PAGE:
Mohamed Bourouissa. That’s Just the Way It Is

Text by Martha Kirszenbaum

In his multi-layered practice spanning photography, film, installation, sculpture and drawing, Mohamed Bourouissa (born in Blida, Algeria in 1978, lives and works in Gennevilliers, France) addresses systems of power and domination, and questions the circulation of images, ideas and money. Enrooted in the post-colonial French suburban culture, his work articulates notions of transgression, subjectivity and appropriation and interrogates the social role of the subaltern—the immigrant, the poor, the voiceless. Over the past fifteen years of a prolific and complex body of work, he photographed the French suburban youth of immigrant descent (Périphérique, 2005-09), depicted African-American cowboys in Philadelphia (Horse Day, 2018), created a community garden in Liverpool inspired by a patient of the psychoanalyst Frantz Fanon (2018), produced coins showing the effigy of French rapper Booba (All-In, 2012), or exchanged images with a friend in prison through a smuggled phone (Temps Mort, 2009), constantly attempting to convey and deconstruct the tension between reality and its stereotyped representations.

The visual essay That’s Just the Way It Is builds a relationship between music and images in Mohamed Bourouissa’s practice. In his early series Nous Sommes “Halles” (2003-05), produced around the neighborhood of Les Halles—a central suburban train station in Paris where youth often gathers to hang out—he photographed young people from the suburbs randomly met on the streets. Referring to the New York street photography of Jamel Shabazz or the iconography of Philip-Lorca diCorcia, the images strike by their proximity with the subject staring straight into the camera. The series Blida (2009) is composed of medium-format photographs taken in the eponymous Algerian town, where Bourouissa was born and raised as a young child. Here we see faces of younger and older inhabitants of Blida, sometimes posing at home, sometimes captured in public places, paired with views of landscapes and animals. They convey a kind of softness, a nostalgia maybe, a reserve certainly.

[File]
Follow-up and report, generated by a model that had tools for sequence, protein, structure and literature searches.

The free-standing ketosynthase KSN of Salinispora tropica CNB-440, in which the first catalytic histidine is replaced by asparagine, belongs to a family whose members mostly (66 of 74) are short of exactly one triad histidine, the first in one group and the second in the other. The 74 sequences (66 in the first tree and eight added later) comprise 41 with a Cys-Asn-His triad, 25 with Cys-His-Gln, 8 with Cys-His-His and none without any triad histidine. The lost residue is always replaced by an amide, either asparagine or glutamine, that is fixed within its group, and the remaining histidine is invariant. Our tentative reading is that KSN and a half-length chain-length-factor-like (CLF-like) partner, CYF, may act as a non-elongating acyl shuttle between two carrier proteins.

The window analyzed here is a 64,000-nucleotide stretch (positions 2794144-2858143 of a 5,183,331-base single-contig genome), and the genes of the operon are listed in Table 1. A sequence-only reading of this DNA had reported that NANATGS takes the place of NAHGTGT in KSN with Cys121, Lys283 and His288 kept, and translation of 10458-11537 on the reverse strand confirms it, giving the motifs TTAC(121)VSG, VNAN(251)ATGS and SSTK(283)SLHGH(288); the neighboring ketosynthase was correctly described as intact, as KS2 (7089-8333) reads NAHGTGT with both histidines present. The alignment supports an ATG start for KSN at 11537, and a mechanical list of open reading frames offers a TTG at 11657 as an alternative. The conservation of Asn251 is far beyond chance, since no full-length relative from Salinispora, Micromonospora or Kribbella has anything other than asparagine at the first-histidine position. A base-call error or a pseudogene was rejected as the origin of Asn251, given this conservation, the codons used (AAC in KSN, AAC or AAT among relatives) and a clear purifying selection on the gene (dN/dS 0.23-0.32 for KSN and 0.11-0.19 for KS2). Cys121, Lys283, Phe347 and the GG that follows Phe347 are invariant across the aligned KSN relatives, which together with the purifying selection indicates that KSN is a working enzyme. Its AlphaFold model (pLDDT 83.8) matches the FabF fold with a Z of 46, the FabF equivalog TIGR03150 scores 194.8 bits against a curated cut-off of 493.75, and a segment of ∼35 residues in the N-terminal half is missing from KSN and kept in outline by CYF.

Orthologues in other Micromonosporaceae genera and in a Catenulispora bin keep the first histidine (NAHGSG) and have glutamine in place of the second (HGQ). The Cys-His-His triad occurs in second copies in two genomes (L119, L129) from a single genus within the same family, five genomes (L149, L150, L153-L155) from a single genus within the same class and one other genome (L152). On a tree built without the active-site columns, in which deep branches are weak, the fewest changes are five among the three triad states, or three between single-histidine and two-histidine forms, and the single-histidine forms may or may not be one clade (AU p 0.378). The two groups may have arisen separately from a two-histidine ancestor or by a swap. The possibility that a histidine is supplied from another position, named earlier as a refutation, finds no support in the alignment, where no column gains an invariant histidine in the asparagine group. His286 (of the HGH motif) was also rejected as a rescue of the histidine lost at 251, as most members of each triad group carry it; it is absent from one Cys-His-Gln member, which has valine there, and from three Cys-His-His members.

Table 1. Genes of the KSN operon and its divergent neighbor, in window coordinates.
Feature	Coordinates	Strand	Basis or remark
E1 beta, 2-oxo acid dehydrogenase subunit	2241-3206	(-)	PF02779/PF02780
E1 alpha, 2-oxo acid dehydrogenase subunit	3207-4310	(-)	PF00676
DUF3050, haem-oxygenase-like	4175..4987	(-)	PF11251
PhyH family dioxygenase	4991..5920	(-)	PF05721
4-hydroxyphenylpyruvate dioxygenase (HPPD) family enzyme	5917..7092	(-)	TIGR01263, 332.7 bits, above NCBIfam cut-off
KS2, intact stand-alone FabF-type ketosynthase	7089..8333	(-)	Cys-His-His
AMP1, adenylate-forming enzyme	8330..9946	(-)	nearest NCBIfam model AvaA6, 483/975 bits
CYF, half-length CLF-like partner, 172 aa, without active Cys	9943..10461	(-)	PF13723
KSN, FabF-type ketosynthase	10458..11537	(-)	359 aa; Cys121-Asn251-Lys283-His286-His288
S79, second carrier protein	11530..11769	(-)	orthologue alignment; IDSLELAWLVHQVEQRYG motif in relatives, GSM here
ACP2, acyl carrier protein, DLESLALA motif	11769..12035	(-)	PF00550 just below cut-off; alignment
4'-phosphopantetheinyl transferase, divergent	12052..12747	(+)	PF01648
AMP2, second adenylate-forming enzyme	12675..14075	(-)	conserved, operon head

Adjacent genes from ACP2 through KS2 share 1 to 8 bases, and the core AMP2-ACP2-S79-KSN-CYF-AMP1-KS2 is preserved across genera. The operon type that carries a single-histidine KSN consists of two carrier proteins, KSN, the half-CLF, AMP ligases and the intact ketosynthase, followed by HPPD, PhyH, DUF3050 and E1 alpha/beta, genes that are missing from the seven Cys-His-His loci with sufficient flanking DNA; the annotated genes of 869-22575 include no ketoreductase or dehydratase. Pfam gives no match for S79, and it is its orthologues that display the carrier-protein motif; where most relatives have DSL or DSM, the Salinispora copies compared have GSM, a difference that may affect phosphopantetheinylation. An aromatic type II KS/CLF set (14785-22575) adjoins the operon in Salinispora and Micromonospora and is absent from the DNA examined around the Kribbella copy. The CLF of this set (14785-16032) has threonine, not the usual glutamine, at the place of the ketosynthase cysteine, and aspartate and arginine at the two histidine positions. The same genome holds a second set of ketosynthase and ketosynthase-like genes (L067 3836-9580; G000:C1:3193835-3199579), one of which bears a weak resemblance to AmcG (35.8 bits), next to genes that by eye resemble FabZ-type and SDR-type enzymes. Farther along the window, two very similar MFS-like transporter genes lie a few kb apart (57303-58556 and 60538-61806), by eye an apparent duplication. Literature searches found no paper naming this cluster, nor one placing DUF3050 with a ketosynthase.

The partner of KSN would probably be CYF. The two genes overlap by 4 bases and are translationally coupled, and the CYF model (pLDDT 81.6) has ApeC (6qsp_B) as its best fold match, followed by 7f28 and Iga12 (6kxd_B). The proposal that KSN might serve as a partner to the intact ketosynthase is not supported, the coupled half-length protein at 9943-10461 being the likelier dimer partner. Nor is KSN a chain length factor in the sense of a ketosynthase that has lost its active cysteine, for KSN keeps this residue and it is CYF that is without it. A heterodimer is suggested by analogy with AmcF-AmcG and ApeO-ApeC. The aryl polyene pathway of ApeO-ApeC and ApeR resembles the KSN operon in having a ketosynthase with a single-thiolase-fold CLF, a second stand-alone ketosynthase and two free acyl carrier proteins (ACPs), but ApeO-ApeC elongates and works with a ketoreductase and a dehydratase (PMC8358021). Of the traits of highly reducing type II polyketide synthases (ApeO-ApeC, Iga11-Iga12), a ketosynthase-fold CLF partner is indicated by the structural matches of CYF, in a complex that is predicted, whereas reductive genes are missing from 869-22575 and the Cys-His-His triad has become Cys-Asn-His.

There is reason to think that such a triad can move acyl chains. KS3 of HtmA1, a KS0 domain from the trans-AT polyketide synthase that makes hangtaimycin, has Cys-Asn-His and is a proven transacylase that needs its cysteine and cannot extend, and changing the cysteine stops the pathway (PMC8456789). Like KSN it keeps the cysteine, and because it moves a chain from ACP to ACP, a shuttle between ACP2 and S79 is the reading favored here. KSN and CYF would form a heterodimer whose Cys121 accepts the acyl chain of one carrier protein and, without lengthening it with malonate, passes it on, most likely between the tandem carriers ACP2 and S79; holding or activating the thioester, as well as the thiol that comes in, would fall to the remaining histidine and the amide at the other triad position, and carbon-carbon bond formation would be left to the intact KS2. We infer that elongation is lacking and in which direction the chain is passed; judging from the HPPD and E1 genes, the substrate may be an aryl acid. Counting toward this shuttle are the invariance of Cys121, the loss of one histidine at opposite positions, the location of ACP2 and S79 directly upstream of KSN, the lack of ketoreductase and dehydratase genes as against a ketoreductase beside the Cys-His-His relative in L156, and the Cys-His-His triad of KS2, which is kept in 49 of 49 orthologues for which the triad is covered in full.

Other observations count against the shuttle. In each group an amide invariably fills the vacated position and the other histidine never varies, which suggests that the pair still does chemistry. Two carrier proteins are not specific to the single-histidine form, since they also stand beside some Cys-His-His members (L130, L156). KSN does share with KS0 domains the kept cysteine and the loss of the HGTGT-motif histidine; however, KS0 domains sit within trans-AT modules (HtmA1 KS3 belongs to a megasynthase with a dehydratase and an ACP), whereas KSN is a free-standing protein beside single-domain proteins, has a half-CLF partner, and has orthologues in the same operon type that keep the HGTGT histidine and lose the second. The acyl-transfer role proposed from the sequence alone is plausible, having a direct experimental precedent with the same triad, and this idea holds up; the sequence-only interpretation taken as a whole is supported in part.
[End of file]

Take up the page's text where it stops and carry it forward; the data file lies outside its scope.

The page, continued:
To accompany these images taken in France and Algeria, I asked Mohamed to scan the covers of his old CDs and to select some of his favorite songs, the ones he grew up with, or still listens to. We decided on transcribing the lyrics of three tracks—one in English, one in French and one in Arabic. First of all, West Coast rapper Tupac and his iconic Changes from 1998, in which he comments on the life in the ghetto, the treatment of black people by the police and more generally racism in America. Then, La Misère Est Si Belle (Misery Is So Beautiful), a 2019 tune by PNL, one of the most popular French hip-hop bands acclaimed for their hazy arrangements and romantic yet rough lyrics. Here self-reflective, dark lyrics express a certain disenchantment of the everyday. Finally, a classic Algerian 1970s chaâbi song, covered in 1993 by French-Algerian musician Rachid Taha, whose musical influence draws from traditional Northern-African compositions to British punk. Ya Rayah (The Emigrant) is a nostalgic ballad, an ode to the immigrant and the traveler longing to return to his native country.

Tupac, Changes, 1998

Come on come on
I see no changes wake up in the morning and I ask myself
Is life worth living should I blast myself?
I’m tired of bein’ poor and even worse I’m black
My stomach hurts so I’m lookin’ for a purse to snatch
Cops give a damn about a negro
Pull the trigger kill a nigga he’s a hero
Give the crack to the kids who the hell cares
One less hungry mouth on the welfare
First ship `em dope and let `em deal the brothers
Give `em guns step back watch `em kill each other
It’s time to fight back that’s what Huey said
Two shots in the dark now Huey’s dead
I got love for my brother but we can never go nowhere
Unless we share with each other
We gotta start makin’ changes
Learn to see me as a brother instead of two distant strangers
And that’s how it’s supposed to be
How can the Devil take a brother if he’s close to me?
I’d love to go back to when we played as kids
But things changed, and that’s the way it is
That’s just the way it is
Things will never be the same
That’s just the way it is
Aww yeah
That’s just the way it is
Things will never be the same
That’s just the way it is
Aww yeah

PNL, La Misère est si belle, 2019

J’suis triste comme d’hab
Fuck c’est pas la peine de réfléchir
La mélodie me fait du bien